In the Coronavirus infested summer of 2020, I walked the 10-day Tour du Mont Blanc. Here describes days 9 & 10.
Back to days 7 & 8.
Day 9 – La Peuty to Tré la Champ – Switzerland to France – 12km
After the storm overnight, the morning was fresh but everything outside was wet. This means I’ll be carrying at least an extra kilogram or more of rainwater as I won’t be able to dry the tent. After breakfast, and with a heavy feeling pack, I set out from the campground and following the sign, began the climb up the hill. My legs feel fine, even after the hard downhill yesterday. The trail soon cut up into the forest with steep switchbacks and the occasional view back to La Peuty.
After more than 20 switchbacks, I emerged from the forest to see Chalet du Col de Balme above me marking the border with France and the return of my phone coverage. I slogged on up the hill towards the 2200m height that would be the ceiling for today’s climbs. I came over the crest to the chalet and the brilliant views. Switzerland has plenty of views, but it’s not until you see the massif that you remember what you’ve been missing.
At the chalet, I took the opportunity to drop the pack and ordered a crepe and a soft drink. The only way to dry things after a stormy night is to hang it from my pack. So, I took out my still sopping tent and slung part of it over my pack before setting out again.
In the sun, I walked down the hill on grassy switchbacks to Col des Posettes then climbed again the 200m of elevation to Aiguillette des Posettes.
The second peak was made of layered ridges of rock and jagged outcrops, a different kind of rock to that seen anywhere else on this trip. The wind picked up, and I climbed carefully, not wanting the breeze to catch my tent and drag me off. When I reached the top I found a large flat grassy area and 360º views. I dropped my pack and took some photos.
I then unpacked my tent and lay it out in the sun to fully dry. I also took the opportunity to get out of my boots. When everything was dry, I packed and began my descent.
I followed the trail to the end of the flat area before the climb down grew steeper with several switchbacks and wooden stairs. I stopped at a large rock for a view down into the valley and a small hamlet under a glacier.
The rest of the descent was in the forest. An hour later, I emerged then a short walk to Tré le Champ and the campground. The 2 Dutch couples were there, along with the Dutch guy and Dutch girl, although we had separate sittings for dinner, so didn’t hang out. After dinner, the rain continued and I dove into my tent to sleep.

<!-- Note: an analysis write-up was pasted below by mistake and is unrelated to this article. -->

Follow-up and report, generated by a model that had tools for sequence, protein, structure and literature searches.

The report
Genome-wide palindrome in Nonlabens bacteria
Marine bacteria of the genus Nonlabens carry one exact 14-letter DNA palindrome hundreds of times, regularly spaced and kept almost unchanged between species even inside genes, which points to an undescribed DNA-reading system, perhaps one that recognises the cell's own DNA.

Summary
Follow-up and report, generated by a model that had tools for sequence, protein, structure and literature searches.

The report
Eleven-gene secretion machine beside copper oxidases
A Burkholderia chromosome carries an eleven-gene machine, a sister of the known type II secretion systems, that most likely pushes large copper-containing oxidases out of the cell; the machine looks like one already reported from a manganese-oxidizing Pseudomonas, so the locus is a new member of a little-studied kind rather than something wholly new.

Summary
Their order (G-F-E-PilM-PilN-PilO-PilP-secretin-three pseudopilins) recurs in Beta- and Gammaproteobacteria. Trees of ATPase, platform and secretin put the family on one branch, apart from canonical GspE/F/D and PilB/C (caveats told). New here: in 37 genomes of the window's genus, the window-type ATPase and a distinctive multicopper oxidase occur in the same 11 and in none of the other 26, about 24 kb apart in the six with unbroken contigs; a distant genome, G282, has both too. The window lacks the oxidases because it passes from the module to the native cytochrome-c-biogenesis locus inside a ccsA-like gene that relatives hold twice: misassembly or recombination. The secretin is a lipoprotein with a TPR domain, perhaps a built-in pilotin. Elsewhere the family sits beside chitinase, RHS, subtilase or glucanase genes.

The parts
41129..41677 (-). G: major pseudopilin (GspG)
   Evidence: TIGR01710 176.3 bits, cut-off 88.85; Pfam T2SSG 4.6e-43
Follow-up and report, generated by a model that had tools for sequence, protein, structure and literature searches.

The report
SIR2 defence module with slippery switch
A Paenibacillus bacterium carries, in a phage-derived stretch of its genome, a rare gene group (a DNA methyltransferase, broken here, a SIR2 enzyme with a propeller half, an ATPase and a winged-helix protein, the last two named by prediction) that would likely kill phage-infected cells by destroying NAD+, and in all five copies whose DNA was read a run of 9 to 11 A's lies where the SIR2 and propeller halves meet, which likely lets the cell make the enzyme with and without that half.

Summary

Day 10 – Tré le Champ to Chamonix – France – 12km
The forecast for today was not good and when I awoke the clouds were down to near ground level.
Climbing in the mountains is not advised in the rain, or even a deep cloud cover such as this. I decided to have breakfast and wait to see if any changes were coming. But when more rain came, I decided not to risk the mountain and instead walk the 12km low route direct to my hostel in Chamonix. The route I mapped had very minimal climbing, indeed, a 350m descent over the course of the walk. When the rain stopped, I headed out, following a dirt trail beside a stream.
I followed it for a couple of kilometres until it came to the township of Argentiere where I stopped for a morning snack. I pushed on at a march alongside the river with cyclists and day walkers enjoying the walk before the rain.
After about 9km I walked alongside a golf course, crossing through it at one point to a Les Praz de Chamonix. But with 2km to go, it began to pour. I found a tree and stood under it waiting for the rain to pass, but it just kept on falling. After 30 minutes, I set out again and thirty minutes later, dry inside my waterproof jacket, I arrived at the hostel. I showered and set out my tent to dry in the dining room before heading down into town for a drink and some lunch. Later I would have dinner and drinks with many of the people I’d met over the last few days, The British couple, the 2 American couples, the 2 Dutch couples, the Dutch guy and the Dutch girl. Even the Polish girl from the 2nd day of the hike made an appearance. It was a fitting end to a great hike which turned out to be more than just a walk in some rather tall mountains.
Overall Impression on the Tour du Mont Blanc
While I’ve had harder days on other hikes, overall, the TMB was the most difficult hike I’ve completed. It started out as just one of my hikes for the year and became something I’ll always remember. The landscape and the massif itself is up there in the most beautiful regions on earth I’ve experienced. As I walked this hike during Coronavirus infested 2020 there were far fewer people than normal, but it still turned out for the best. Maybe better because of less crowds.
And, while I began alone as always, I didn’t finish that way. Part of the hike was the people I met and shared this experience with, thanks to those people for being part of this experience. And, as always, this hike wasn’t just an external experience, but an internal one. During the long meditative days, great insights into my life were had. I hope to see them come to fruition in the future.
Would I suggest others do this walk? Definitely, but it will take courage, good health and a certain level of fitness.
Next, my adventures take me to another part of Europe I’ve yet to visit – Portugal and Spain, for a partial Camino de Santiago.
The Lone Trail Wanderer.